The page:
The United Nations has called for a suspension of the ethanol mandate to boost world food supplies and lower the price of corn. It argues that tapping in to the 40% of U.S. corn that goes into ethanol production would ease corn prices by increasing domestic supplies. A weak Asian monsoon season this year has the prices of rice on the rise and with food prices expected to climb following this year's drought, ethanol is taking some heat.
The Renewable Fuel Standard (RFS1) was part of the 2005 Energy Policy Act (click here for more) and was later revised and extended in 2007 (RFS2) . Part of what RFS does is mandate amounts of renewable fuel to be blended with gasoline and, later, diesel fuel in an effort to reduce greenhouse gases and emissions. But the market is what is driving ethanol sales at the pump, not RFS2, and not carbon footprint credits.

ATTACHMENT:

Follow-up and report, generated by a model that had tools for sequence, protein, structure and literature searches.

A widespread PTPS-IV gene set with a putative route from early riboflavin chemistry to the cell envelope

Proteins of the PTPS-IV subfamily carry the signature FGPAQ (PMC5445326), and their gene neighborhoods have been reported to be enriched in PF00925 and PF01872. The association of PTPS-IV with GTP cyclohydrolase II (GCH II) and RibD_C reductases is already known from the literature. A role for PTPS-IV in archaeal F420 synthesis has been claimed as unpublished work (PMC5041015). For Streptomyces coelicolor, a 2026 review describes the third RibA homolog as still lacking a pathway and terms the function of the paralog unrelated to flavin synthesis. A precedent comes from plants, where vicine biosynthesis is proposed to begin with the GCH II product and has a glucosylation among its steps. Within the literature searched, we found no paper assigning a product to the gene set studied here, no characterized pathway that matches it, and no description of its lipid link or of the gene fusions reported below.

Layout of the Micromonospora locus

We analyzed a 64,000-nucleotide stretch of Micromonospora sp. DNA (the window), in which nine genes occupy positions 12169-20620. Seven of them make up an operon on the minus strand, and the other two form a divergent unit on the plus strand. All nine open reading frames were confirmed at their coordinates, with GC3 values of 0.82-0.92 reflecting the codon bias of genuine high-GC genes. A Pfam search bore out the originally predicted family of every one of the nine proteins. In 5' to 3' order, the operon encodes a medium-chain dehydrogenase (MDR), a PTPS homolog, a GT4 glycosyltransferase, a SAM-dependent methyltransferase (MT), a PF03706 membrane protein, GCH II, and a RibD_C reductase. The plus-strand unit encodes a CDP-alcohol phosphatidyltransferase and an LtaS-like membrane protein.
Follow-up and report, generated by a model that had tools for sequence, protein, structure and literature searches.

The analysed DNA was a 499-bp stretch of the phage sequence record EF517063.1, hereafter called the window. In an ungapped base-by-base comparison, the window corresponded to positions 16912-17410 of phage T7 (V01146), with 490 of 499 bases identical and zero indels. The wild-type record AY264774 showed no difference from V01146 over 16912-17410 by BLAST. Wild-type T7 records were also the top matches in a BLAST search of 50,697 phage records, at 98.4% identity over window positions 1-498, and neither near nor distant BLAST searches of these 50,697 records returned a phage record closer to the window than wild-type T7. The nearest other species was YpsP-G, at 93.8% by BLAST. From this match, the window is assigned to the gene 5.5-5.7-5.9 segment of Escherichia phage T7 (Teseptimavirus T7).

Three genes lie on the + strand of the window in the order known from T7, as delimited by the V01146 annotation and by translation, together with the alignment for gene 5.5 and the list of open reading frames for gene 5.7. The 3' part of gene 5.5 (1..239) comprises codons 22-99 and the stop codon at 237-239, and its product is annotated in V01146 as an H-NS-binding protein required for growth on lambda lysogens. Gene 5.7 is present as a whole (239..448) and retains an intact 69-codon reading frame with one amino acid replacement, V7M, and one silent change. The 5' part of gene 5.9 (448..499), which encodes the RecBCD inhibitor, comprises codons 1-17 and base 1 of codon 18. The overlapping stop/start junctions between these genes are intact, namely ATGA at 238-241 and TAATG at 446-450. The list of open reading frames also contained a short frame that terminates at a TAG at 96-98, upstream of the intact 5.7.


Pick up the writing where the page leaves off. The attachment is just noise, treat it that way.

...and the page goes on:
Consequently, easing the mandate to blend ethanol probably would not slow production or consumption of the fuel. A waiver will not help until petroleum prices make straight gasoline cheaper. Thin margins between ethanol and unblended gasoline hurt ethanol at the pump as consumers largely tend to price shop when it comes to fueling their cars.
Models of the impact of a suspension of the mandate on the price of corn estimate a 7% drop in the price of corn would result. This would not do much for world food prices. Add to that election year politics which have President Obama shying away from easing the ethanol mandate fearing the wrath of corn growing voters who are already struggling to maximize profits in a tough year to grow corn.
Ethanol is proving that it has the power to stand on it's own in consumer markets. Easing the mandates outlined in RFS2 would likely push the price of corn down a little, but not enough to make a difference in world food prices. Given the political climate of an election year coupled with consumer driven basics of supply and demand, don't look for mandates on ethanol to be eased anytime soon.